Ariya Daivari def. Eli Knight; Daivari def. Bobby Flaco; Daivari def. Jason Cain
These were three consecutive matches where Daivari attempted to prove his dominance, or something like that. The issue is, his opponents were three local athletes and thus none of this meant anything. If the three straights wins were supposed to be impressive, they weren't because Daivari is unbelievably boring. The only positive thing I can say is that none of the matches lasted too long, but collectively, this was one giant waste of time that didn't make me care any more about Daivari than I did before.
Tony Nese def. Danny Burch
These two previously faced off a while ago, but to be perfectly honest, I don't remember that because most matches and episodes of this show blend together. This encounter, however, was well wrestled and they utilized the time well. It feels like Nese has faced everyone in the Cruiserweight division a million times over, but at least he never ceases to deliver, and the same can said for Burch in that respect. Nese scored the victory after Daivari provided a distraction at ringside. If this is leading to an alliance between Nese and Daivari, then no thanks.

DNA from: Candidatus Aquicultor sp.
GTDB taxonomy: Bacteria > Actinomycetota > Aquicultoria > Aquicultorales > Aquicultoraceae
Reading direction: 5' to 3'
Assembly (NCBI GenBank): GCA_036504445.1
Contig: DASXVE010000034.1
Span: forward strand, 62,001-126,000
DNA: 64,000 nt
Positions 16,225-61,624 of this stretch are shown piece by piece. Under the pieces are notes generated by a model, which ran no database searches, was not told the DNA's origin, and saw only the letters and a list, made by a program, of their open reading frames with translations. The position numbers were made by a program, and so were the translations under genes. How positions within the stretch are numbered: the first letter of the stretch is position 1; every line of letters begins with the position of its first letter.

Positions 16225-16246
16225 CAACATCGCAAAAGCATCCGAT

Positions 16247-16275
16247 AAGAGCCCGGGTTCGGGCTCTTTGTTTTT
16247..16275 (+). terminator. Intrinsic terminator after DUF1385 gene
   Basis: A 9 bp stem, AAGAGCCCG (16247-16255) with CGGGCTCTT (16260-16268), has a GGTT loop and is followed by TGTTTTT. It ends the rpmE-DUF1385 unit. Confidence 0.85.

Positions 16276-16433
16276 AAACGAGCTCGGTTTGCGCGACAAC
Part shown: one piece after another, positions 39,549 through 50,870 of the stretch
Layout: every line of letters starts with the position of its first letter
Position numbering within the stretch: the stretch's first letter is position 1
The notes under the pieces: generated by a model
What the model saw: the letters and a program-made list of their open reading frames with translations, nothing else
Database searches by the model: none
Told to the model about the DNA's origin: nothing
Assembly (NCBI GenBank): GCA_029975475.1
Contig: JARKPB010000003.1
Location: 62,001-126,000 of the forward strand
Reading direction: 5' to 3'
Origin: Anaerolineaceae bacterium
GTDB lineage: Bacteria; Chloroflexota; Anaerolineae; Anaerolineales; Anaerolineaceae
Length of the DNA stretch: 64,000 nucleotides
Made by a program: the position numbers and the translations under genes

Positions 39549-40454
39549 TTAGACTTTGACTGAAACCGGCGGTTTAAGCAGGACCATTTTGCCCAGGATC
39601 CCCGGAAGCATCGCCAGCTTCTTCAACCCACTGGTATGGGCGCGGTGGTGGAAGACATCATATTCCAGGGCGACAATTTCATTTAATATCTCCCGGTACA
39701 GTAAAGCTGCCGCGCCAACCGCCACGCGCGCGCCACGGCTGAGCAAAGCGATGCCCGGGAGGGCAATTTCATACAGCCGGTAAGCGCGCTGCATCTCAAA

Needless to say, the heavy emphasis on Daivari throughout this entire episode earned it an easy thumbs-down from me. The dude's been a part of the brand since Day 1 almost four years ago, and although Nese has as well, Daivari in particular brings nothing to the table whatsoever and has proved in the past that he isn't worth the investment or the television time. His series of squash matches almost put me to sleep, but at least Nese vs. Burch was enjoyable. The show was technically back to a two-match format this week, but the stuff with Daivari didn't need to happen. On the bright side, I'm stoked Nigel McGuinness has returned to commentary, though if he's been in the United States the whole time, I have no clue why WWE didn't use him sooner.